This photo was forwarded by Egidio Trainito. Egidio states “I am attaching a photo of a brick that was used as refractory in a steamship machine found in a wreck in the North East coast of Sardinia. In the same stock of bricks, inside the wreck, some were marked Clayburn (Canadian)” The wreck has not…
Birkhill Fireclay Mine, Avonbank, Polmont ( 3 sites) – Company name P & M Hurll. Established – 18th Century.
The high quality Glenboig fireclay deposits in the area of Birkhill have been exploited since at least the 18th century. The oldest shaft is situated on the east side of the river, just north of Tod’s Hill. Work here presumably continued until the beginning of the 20th century, as a Bradley & Craven steam mill was installed at the clay processing plant to drive the crusher, pump and pulley in 1906.
The second series of workings are further north, and were started by P & M Hurll in 1913. At some stage during the 1930’s electricity was installed and the steam mill was taken out of action. This was replaced by a 65 horse power Fawcett Incla Mill. This could process 10 tons of clay per hour, compared to the 1 – 2 tons that the old mill could manage.
The third and largest shaft was opened in 1951 at a cost of £25,000. It was situated to the west of the River Avon and was approximately 2250 feet across and 200 feet deep.
The mines were worked on the ‘stoop and room’ method and all excavation was manual. After the clay was removed from the work face by pick and shovel it was loaded onto bogies and hauled by pulley to the surface, across the River Avon and up the scarp to the crushing mill. On average the clay face advance 4 feet a day, producing 100 – 120 tons of clay over the same period.
After milling the clay was loaded onto lorries or transported via the railway line. With regard to the latter the clay went to Bo’ness and from there to Glenboig or the nearest shipping port.
All unmilled clay went to Glenboig however if the fireclay was milled it was separated into 2 grades – 1 for the production of refractories and 1 for export. The former went to Glenboig and the latter to areas as diverse as P’en A’ng, the Phillipines, Manilla and Afghanistan. Glenboig frequently returned broken bricks and the grog product was initially exported to Norway. Later however it was returned to Glenboig to be added to their clay mixture. The ground down grog (or chanet or chanot) was used in building and repair work and also in the manufacture of aluminium.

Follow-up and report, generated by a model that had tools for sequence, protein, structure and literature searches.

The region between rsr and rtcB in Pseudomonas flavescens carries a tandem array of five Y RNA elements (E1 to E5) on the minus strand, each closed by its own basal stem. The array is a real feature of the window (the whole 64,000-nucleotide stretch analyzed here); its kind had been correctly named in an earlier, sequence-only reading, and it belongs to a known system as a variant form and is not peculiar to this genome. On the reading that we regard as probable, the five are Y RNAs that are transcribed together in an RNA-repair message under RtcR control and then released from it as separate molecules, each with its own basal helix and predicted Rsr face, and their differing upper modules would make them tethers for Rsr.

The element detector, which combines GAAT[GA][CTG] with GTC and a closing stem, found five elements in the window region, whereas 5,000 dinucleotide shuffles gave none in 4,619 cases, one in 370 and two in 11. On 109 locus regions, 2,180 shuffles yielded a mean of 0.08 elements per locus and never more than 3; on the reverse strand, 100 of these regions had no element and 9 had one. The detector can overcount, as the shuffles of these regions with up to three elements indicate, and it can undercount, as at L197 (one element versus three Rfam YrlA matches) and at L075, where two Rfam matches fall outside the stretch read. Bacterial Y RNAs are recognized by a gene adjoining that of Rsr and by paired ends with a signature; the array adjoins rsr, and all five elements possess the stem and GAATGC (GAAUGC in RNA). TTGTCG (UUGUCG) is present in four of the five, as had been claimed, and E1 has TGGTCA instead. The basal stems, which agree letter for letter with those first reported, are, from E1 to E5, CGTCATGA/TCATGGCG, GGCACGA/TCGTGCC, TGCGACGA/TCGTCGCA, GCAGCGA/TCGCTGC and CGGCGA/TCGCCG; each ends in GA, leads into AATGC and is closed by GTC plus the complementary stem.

Tate and Lyle was one of the Company’s biggest customers as milled clay is used in the process of sugar refining.
The workers cottages on the left of the entrance drive were built in 1913. When the most recent mine was opened 21 men were employed. By the time the mine closed in 1980 only 9 men were working there, 4 at the work face and 3 at the mill, 1 on the pulley and 1 odd job man.
Production reached its peak in the 1950s and by the 1970s there were 6 miles (10 km) of tunnels penetrating 823m (900 yards) into the ground
In July 1980, P & M Hurll went into liquidation and the pump which had kept the mine free of water was turned off. By the end of 1981 the workings were merely subject to periodic inspection as they slowly filled with water. There were no plans for future activity.
A Mr Caine who had previously worked in the mine for several years was left in charge of making periodic inspections of the mine.
Bob McMillan, P & M Hurll, Gartliston Brickworks, Glenboig – A personal recollection states Mark Hurll leased the Birkhill mine at Manuel Junction near Bo’ness from Hamilton Estates in 1908 and the Company took over the mine in 1916….
Video of inside the Birkhill Fire Clay Mine
Below – 10/10/2016 – The Birkhill clay mine entrance fenced off and the tracks leading from the mine to the railway above. 2 hutches still remain fixed to the rails.